The former Archbishop of York, Lord Sentamu, has urged the House of Lords to adopt the government’s Levelling Up project to ease the income disparities between regions in Britain.
On 7 February 2022, Lord Sentamu told the House he hoped to see three particular strategies adopted by the government: creating a Yorkshire regional government, making Levelling Up a priority for the state as had been the NHS following the Second World War, and easing income disparities between the North and South of England. See his full statement below.
Prime Minister Boris Johnson had placed “levelling up” at the heart of the Conservatives’ election manifesto in 2019. Last week the Levelling Up Secretary Michal Gove set forth the government’s plans to implement the strategy. Mr. Gove told the BBC Levelling Up would “shift both money and power into the hands of working people” and ensure funding was spent effectively on local priorities.
A key element of the strategy is a plan to create regional mayors like those that exist for Greater Manchester, the West Midlands and the Tees Valley. Mr. Gove said every part of England would have access to “London-style” powers and a mayor.
Mr Gove’s plans would bring all existing initiatives together into 12 “national missions” and set up a system for measuring progress. Derelict urban sites in 20 towns and cities – starting with Sheffield and Wolverhampton – would be targeted for redevelopment intended to create more high-quality jobs.
The Labour Party has argued there is no new funding for programs such as eliminating illiteracy or providing access to high speed internet, or improving public transport. Mr. Gove responded the Levelling Up plan was focused on eliminating waste and using current resources more efficiently and effectively.
Lord Sentamu’s speech: (Citation: HL Deb, 7 February 2022, c1335)
My Lords, I first declare an interest: I used to be the convenor of One Yorkshire. At the last general election, the Labour Party and the Liberal Democrats committed themselves to bringing in One Yorkshire, if elected. The Conservatives were slightly equivocal. In the light of the Secretary of State for Levelling Up saying that we need mayors of the type that we have in London, and, given that the need that quickly comes up is to have one for the whole of Yorkshire because of its economy, people and geography, will the Minister give the House his further thoughts on One Yorkshire, because it is still committed to that dream and ideal?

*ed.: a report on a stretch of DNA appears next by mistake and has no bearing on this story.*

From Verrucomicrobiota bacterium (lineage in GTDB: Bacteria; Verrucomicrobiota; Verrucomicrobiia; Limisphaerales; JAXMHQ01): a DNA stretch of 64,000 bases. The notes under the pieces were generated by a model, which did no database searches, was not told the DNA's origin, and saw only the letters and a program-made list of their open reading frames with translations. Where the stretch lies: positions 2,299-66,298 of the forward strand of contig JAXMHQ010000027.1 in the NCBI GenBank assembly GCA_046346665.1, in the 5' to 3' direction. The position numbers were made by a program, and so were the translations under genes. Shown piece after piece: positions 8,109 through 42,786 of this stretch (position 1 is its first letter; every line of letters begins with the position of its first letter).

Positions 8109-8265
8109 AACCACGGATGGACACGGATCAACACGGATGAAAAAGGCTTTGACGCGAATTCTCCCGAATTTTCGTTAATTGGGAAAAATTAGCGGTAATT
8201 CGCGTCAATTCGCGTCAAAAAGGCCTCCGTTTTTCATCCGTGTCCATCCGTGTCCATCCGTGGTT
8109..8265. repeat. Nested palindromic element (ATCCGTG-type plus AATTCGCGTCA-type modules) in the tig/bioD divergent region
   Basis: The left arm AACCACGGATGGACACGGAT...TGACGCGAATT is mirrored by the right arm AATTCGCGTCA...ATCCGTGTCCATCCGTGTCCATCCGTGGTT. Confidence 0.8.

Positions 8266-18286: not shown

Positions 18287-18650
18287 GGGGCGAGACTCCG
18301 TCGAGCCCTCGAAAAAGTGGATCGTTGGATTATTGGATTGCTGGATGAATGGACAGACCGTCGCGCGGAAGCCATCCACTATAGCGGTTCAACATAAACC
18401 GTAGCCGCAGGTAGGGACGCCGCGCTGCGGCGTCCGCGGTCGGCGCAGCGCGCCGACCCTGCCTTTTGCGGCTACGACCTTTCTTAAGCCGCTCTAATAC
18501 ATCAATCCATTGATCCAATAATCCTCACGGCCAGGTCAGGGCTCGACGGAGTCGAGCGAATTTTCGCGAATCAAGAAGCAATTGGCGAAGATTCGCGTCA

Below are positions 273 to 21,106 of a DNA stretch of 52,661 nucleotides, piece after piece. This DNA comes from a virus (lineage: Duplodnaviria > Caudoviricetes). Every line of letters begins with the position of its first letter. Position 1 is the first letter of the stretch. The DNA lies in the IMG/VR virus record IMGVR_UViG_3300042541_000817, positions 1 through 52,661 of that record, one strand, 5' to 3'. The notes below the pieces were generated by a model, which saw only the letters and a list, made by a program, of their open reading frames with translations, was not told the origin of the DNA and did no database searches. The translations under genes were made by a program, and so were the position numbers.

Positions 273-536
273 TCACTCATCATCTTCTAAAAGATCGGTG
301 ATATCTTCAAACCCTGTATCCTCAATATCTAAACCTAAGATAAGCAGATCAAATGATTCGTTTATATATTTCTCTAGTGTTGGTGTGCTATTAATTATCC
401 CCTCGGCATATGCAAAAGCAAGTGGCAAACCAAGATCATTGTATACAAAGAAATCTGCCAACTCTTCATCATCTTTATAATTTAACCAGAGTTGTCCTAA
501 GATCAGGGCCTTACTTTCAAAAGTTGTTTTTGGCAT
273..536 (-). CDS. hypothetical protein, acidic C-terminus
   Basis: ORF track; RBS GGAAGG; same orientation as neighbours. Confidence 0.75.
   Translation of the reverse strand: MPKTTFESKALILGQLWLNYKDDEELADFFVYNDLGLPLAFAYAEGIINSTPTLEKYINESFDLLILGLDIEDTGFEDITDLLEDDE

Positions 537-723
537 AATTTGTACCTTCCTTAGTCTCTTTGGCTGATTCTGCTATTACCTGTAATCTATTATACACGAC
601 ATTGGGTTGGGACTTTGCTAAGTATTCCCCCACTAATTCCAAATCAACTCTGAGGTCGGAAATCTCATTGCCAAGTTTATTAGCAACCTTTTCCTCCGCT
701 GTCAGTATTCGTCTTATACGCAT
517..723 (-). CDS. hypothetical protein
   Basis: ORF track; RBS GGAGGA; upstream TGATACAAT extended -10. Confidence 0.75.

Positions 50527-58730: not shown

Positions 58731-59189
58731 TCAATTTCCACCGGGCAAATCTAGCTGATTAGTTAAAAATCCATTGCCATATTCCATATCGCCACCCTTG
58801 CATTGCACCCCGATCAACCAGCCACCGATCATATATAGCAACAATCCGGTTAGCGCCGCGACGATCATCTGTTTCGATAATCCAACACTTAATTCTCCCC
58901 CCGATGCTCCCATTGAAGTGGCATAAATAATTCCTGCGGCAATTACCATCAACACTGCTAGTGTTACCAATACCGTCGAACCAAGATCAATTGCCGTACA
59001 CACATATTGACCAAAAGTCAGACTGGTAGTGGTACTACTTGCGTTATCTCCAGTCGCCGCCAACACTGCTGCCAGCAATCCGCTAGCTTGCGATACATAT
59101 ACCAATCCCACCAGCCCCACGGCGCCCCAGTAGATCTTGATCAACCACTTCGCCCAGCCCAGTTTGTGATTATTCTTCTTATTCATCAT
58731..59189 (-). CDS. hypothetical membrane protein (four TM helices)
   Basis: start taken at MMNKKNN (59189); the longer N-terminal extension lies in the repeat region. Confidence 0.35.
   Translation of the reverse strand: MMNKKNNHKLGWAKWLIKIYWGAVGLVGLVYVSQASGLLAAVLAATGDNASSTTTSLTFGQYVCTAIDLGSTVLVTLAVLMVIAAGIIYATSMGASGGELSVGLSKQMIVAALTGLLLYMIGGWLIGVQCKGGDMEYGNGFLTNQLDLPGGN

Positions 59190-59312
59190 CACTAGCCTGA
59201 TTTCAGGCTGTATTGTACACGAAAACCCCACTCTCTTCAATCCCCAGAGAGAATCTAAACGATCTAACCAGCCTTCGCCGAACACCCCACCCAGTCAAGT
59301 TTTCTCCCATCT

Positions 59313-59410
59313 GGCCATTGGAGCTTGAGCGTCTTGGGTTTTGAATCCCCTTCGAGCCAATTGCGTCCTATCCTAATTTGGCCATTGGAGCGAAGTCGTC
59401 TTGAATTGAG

Secondly, the Prime Minister has told us that the pandemic has been the biggest challenge we have faced since the Second World War. At the end of the war, there was a huge social impact on the people of the United Kingdom. Most noble Lords will remember that it was the Beveridge report that began the work of transforming this great nation. Beveridge said there was want, caused by poverty; ignorance, caused by the lack of education; squalor, caused by poor housing; idleness, caused by a lack of jobs or inability to gain employment; and disease, caused by inadequate healthcare provision, which resulted in the National Health Service and social welfare. I read the whole report. What are the giants that the Minister thinks need to be slain so that we can get to where we ended up at the end of the Second World War, when the Beveridge report led to real transformation?
Finally, the greatest thing that has been bedevilling a lot of people who feel left behind is the great gulf of income inequality, but I did not hear or read it—maybe I have missed it, but I did not see it in the report. Will the Government continue to pursue the whole question of income inequality? If that is not dealt with, I am afraid you may level up some people, but you will leave a lot in poverty. Maybe I could give the Government the motto of Barnsley to become the motto for levelling up. It is in Latin, but I will give noble Lords the translation in English: spectemur agendo—let us be judged by our actions. That is what we are looking for in levelling up, not big words.